Promoting South-South Cooperation: Building Bridges between the Indian Ocean and the Caribbean

The creation of a collaborative roadmap to enhance disaster preparedness, improve regional institutions, and increase capacity building was one of the key outcomes of the recent visit by a delegation from African Indian Ocean Island States to Barbados. Held from June 3 to 6, 2024, the exchange was organized by UNDRR with support from the Government of Barbados (DEM, CZMU and BMS), CDEMA, and the University of the West Indies. Representatives from Madagascar, Mauritius, Seychelles, and the Indian Ocean Commission participated in this peer-to-peer learning event. The visit fostered significant advancements in disaster preparedness, regional cooperation, and capacity building, marking a pivotal step in enhancing resilience against natural hazards for both regions.

The Caribbean and the Indian Ocean Island States are among the most disaster-prone regions globally, facing hurricanes, cyclones, earthquakes, and tsunamis. Their size, limited resources, and geographical isolation amplify these challenges, which are further intensified by climate change.

The study tour facilitated extensive knowledge exchange. Participants attended presentations on risk assessments, early warning systems, risk communications, and climate adaptation tools. They visited the Barbados Department of Emergency Management, the Disaster Risk Reduction Centre at the University of the West Indies, the Coastal Zone Management Unit, the Civil Aviation and Meteorological Services, and a community-based site in Pile Bay with emergency volunteers.

Dr. Kawol, Senior Chief Executive at the Ministry of Local Government and Disaster Risk Management in Mauritius, expressed his enthusiasm: "We have the golden opportunity to learn from the Caribbean and share our experiences. I aim to apply the insights gained here in my country."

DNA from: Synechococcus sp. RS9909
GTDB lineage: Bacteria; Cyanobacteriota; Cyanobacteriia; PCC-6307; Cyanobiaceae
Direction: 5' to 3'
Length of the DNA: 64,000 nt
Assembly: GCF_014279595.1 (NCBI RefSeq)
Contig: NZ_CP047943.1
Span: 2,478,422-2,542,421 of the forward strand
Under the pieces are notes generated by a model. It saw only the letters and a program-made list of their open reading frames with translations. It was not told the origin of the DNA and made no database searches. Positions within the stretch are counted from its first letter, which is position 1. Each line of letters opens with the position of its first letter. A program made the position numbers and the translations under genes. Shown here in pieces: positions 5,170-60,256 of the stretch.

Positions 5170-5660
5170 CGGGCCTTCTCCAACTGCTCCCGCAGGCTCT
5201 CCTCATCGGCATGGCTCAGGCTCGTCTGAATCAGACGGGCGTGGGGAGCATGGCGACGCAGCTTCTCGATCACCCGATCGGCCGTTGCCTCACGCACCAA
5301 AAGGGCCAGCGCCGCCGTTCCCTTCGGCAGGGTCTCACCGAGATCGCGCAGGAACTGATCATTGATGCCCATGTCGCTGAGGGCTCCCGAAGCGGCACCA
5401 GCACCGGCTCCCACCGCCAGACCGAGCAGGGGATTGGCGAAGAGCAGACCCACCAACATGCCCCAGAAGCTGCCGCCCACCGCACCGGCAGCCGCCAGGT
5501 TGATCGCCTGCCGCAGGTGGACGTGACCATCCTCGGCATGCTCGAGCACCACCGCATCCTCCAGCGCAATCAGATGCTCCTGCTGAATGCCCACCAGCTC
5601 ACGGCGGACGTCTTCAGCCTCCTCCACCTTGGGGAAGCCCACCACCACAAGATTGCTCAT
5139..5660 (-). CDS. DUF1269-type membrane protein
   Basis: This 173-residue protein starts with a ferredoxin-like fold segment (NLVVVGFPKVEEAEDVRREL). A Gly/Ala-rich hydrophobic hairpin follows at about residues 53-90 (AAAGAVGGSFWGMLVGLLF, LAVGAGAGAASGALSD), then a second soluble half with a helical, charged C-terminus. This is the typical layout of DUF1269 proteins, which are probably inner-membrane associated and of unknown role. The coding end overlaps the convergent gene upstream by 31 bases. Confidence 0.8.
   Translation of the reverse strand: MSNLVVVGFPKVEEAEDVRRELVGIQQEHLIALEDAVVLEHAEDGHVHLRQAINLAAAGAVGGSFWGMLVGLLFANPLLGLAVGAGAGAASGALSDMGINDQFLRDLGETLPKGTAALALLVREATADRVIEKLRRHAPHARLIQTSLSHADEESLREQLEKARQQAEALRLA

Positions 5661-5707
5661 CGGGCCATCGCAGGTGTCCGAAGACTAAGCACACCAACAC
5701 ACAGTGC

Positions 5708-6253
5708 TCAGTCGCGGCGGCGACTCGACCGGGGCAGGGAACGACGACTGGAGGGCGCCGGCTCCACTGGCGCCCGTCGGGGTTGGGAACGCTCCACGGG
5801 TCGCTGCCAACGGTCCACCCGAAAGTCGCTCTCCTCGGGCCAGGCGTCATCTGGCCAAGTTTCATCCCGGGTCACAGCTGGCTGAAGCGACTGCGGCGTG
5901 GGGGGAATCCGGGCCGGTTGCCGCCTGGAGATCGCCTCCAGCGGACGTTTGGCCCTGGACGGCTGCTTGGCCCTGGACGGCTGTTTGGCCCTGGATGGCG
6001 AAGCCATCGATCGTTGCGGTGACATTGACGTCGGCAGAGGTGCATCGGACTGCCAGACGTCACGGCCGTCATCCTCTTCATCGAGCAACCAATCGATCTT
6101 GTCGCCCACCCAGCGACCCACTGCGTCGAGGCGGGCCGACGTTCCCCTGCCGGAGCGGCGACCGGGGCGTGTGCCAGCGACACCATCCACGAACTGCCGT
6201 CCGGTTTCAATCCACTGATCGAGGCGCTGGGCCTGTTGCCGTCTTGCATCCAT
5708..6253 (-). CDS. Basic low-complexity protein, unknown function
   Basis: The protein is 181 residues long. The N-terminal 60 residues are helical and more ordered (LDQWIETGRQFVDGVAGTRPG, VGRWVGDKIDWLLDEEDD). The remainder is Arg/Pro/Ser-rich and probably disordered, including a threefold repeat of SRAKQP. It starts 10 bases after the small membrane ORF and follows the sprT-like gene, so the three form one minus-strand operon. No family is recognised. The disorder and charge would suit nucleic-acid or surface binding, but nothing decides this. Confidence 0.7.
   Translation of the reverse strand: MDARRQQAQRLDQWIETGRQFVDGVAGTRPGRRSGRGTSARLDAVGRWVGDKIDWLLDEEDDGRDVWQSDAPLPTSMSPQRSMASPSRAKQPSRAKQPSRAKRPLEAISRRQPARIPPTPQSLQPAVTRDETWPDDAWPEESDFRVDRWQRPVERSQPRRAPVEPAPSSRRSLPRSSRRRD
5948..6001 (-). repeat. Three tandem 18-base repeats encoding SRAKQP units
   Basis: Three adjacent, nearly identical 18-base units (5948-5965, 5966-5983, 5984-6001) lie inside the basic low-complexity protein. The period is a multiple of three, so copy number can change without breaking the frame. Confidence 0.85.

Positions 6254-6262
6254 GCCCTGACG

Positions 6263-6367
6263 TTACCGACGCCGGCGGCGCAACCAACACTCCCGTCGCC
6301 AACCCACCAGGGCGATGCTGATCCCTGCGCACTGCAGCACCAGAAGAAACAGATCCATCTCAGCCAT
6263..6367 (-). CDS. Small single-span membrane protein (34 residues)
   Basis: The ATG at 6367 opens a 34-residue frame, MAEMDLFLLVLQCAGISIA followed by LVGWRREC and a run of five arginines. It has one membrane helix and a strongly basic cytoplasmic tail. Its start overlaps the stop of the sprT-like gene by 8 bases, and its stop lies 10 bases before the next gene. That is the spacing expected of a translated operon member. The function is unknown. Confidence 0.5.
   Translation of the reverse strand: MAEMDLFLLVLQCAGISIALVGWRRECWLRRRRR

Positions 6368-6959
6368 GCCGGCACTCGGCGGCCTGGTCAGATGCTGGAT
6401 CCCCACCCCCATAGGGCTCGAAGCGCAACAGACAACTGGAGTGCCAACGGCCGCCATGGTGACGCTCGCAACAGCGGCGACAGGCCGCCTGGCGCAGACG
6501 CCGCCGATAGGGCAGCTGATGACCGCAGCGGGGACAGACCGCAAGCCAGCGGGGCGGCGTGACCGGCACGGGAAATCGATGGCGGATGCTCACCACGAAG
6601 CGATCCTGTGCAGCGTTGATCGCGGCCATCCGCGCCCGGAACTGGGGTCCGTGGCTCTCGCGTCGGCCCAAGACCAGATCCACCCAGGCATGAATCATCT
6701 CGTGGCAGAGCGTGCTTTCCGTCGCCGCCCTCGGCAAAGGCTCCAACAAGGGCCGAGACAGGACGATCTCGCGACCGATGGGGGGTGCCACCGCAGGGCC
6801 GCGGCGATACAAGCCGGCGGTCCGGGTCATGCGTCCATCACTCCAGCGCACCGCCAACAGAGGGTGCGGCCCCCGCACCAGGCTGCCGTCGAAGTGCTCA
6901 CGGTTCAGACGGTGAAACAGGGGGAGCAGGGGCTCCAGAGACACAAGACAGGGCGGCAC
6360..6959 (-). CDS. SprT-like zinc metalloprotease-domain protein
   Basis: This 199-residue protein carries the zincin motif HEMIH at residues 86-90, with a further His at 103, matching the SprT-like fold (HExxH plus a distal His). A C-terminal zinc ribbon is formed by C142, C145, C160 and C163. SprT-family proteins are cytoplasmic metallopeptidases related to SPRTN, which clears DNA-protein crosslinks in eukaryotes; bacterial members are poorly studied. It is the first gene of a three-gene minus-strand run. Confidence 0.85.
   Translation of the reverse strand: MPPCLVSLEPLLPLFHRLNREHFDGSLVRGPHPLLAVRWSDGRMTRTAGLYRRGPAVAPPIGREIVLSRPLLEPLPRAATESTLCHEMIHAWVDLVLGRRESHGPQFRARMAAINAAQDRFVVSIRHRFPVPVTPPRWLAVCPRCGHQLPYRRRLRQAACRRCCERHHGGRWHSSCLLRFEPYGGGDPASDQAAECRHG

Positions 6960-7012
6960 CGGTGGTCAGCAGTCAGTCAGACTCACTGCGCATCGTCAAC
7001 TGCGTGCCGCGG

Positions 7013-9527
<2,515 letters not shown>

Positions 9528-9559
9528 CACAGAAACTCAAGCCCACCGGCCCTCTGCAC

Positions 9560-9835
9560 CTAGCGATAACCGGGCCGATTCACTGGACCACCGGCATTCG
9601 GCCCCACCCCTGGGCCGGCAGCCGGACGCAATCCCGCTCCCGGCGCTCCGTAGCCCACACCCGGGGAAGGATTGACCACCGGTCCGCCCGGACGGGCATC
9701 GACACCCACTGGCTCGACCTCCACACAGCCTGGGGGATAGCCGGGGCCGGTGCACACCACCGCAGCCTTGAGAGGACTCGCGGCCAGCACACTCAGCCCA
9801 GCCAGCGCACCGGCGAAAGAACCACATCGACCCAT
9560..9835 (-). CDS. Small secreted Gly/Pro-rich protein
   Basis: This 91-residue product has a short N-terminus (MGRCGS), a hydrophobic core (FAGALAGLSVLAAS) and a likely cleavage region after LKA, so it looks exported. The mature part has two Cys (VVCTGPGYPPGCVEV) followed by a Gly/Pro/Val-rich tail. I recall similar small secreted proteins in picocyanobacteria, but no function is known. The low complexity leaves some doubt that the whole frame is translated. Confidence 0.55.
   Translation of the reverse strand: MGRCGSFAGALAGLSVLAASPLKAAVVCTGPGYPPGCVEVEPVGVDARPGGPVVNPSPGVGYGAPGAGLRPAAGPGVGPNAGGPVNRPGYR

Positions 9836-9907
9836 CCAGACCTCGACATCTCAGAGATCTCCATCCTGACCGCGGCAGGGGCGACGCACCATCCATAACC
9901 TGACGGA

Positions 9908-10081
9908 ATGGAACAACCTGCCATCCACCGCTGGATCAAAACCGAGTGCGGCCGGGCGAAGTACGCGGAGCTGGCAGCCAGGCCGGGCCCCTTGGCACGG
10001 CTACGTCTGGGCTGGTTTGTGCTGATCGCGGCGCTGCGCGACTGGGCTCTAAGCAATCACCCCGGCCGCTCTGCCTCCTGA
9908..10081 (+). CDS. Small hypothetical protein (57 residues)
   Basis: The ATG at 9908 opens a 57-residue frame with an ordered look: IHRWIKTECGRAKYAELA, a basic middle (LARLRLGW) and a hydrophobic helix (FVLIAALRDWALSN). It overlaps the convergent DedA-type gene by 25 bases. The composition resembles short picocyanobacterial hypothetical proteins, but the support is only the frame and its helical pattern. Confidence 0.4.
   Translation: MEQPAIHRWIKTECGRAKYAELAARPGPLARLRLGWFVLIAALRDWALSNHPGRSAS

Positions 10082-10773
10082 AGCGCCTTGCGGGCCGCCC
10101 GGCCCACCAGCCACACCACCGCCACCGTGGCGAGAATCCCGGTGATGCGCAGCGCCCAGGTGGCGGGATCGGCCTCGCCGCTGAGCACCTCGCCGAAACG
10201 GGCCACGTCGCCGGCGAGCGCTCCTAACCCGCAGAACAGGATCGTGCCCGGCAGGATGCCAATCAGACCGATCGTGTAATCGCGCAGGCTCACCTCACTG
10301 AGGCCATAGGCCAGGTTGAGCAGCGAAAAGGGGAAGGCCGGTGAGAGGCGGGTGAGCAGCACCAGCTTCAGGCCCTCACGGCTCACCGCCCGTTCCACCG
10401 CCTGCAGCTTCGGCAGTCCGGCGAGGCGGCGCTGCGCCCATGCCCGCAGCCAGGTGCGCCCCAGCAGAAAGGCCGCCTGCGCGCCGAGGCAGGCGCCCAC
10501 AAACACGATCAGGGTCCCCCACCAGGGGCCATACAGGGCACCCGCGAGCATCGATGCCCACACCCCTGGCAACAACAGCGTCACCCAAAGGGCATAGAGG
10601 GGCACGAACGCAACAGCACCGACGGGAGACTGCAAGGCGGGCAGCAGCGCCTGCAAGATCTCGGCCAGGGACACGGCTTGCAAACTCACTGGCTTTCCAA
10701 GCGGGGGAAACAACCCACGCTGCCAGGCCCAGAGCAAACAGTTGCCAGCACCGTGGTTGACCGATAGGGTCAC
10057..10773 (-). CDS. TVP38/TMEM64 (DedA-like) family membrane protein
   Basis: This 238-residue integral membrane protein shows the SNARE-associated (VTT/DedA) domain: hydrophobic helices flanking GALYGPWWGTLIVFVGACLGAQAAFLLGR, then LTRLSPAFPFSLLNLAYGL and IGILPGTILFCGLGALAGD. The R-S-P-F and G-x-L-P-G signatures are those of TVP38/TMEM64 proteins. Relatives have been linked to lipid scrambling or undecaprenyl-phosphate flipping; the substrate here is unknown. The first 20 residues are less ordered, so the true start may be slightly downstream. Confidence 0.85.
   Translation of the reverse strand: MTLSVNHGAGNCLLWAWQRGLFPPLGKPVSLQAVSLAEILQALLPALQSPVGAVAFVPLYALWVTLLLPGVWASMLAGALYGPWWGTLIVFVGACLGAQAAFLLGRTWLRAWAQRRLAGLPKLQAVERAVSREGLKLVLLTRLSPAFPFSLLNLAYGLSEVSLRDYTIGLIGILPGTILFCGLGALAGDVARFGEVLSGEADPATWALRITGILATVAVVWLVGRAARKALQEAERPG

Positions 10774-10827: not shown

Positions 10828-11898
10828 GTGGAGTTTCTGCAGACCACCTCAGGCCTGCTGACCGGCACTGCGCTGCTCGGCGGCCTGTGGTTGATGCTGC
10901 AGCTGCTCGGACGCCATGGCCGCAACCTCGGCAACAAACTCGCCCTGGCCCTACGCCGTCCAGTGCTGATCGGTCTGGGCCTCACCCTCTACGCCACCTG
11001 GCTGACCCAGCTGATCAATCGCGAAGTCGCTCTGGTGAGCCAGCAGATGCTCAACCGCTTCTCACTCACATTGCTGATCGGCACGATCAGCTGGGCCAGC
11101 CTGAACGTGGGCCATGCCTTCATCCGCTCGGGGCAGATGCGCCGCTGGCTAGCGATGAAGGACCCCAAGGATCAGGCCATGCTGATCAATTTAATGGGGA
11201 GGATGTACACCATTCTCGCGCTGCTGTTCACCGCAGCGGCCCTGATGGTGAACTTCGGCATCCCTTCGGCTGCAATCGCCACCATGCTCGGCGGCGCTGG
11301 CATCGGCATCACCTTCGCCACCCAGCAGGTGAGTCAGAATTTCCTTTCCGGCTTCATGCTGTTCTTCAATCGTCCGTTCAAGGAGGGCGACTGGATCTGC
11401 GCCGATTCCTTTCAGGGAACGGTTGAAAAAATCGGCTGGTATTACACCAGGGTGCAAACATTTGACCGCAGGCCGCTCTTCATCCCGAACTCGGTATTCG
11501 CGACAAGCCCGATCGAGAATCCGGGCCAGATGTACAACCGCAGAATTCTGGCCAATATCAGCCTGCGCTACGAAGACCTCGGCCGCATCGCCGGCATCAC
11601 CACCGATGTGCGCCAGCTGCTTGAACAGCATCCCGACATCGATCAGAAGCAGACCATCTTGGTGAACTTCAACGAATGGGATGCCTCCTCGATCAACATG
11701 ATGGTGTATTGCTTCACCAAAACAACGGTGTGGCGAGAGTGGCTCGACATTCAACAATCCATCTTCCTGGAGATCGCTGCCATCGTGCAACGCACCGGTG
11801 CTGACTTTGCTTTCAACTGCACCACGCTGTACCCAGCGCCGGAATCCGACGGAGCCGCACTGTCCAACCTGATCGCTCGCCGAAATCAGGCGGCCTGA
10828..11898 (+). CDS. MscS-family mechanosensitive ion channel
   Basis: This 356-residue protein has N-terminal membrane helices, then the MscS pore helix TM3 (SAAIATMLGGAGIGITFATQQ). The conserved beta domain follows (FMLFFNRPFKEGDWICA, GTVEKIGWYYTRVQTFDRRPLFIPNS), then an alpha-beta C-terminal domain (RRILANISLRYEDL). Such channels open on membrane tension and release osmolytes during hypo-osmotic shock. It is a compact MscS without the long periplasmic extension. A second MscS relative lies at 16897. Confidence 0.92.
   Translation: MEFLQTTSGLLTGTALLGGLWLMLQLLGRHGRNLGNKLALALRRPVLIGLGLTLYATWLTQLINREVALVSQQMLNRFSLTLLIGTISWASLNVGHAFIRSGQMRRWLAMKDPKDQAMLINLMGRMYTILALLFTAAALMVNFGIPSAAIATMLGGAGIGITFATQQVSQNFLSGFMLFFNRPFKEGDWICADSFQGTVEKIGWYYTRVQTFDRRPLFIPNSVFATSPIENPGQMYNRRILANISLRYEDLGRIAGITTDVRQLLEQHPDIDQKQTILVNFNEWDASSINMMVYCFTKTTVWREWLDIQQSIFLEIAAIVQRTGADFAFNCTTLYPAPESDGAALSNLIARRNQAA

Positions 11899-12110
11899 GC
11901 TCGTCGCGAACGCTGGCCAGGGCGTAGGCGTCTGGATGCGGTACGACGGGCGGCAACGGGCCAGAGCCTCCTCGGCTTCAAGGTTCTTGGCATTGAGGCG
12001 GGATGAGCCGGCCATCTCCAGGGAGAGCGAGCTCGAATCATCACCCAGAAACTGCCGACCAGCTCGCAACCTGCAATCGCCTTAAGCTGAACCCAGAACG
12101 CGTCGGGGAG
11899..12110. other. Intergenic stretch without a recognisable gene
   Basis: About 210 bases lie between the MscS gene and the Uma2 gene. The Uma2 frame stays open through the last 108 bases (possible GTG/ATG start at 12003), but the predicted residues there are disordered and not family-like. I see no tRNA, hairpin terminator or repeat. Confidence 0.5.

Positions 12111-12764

The visit also highlighted regional Caribbean cooperation. The Indian Ocean Commission seeks to develop a regional mechanism to better face threats. Gina Bonne, Head of the Environment and Climate Change Department for the IOC, noted, "This study tour is timely as we establish our regional platform for DRR. We have much to learn from CDEMA and the Caribbean, and our experience can also benefit the Caribbean region."

Andria Grosvenor, Planning and Business Development Manager at CDEMA, emphasized the importance of collaboration: "Knowledge exchange, regional cooperation, and capacity building are essential. No single nation can address these complex challenges alone. By working together, the Caribbean and Indian Ocean regions can build more resilient communities."

The study tour concluded with a collaborative roadmap and a commitment to cooperate on:

  • Enhanced disaster preparedness and response capabilities through shared knowledge and best practices.
  • Collaboration on establishing regional institutions for DRR, including solidarity mechanisms.
  • Improved self-evaluation and monitoring of disaster management strategies using standard methodologies.
  • Increased capacity building through cost-effective virtual and in-person training programs and collaboration with universities.

Mr. Luca Trinchieri, Head of the European Union delegation in Barbados, praised the initiative: "This is a perfect example of South-South and triangular cooperation."

This initiative was made possible by generous funding from the European Union under the "Resilience Building and Disaster Response Management in the Indian Ocean" (RDRM-IO) programme. Through this programme, UNDRR is enhancing DRR understanding and governance capacities in Comoros, Madagascar, Mauritius, and Seychelles. 

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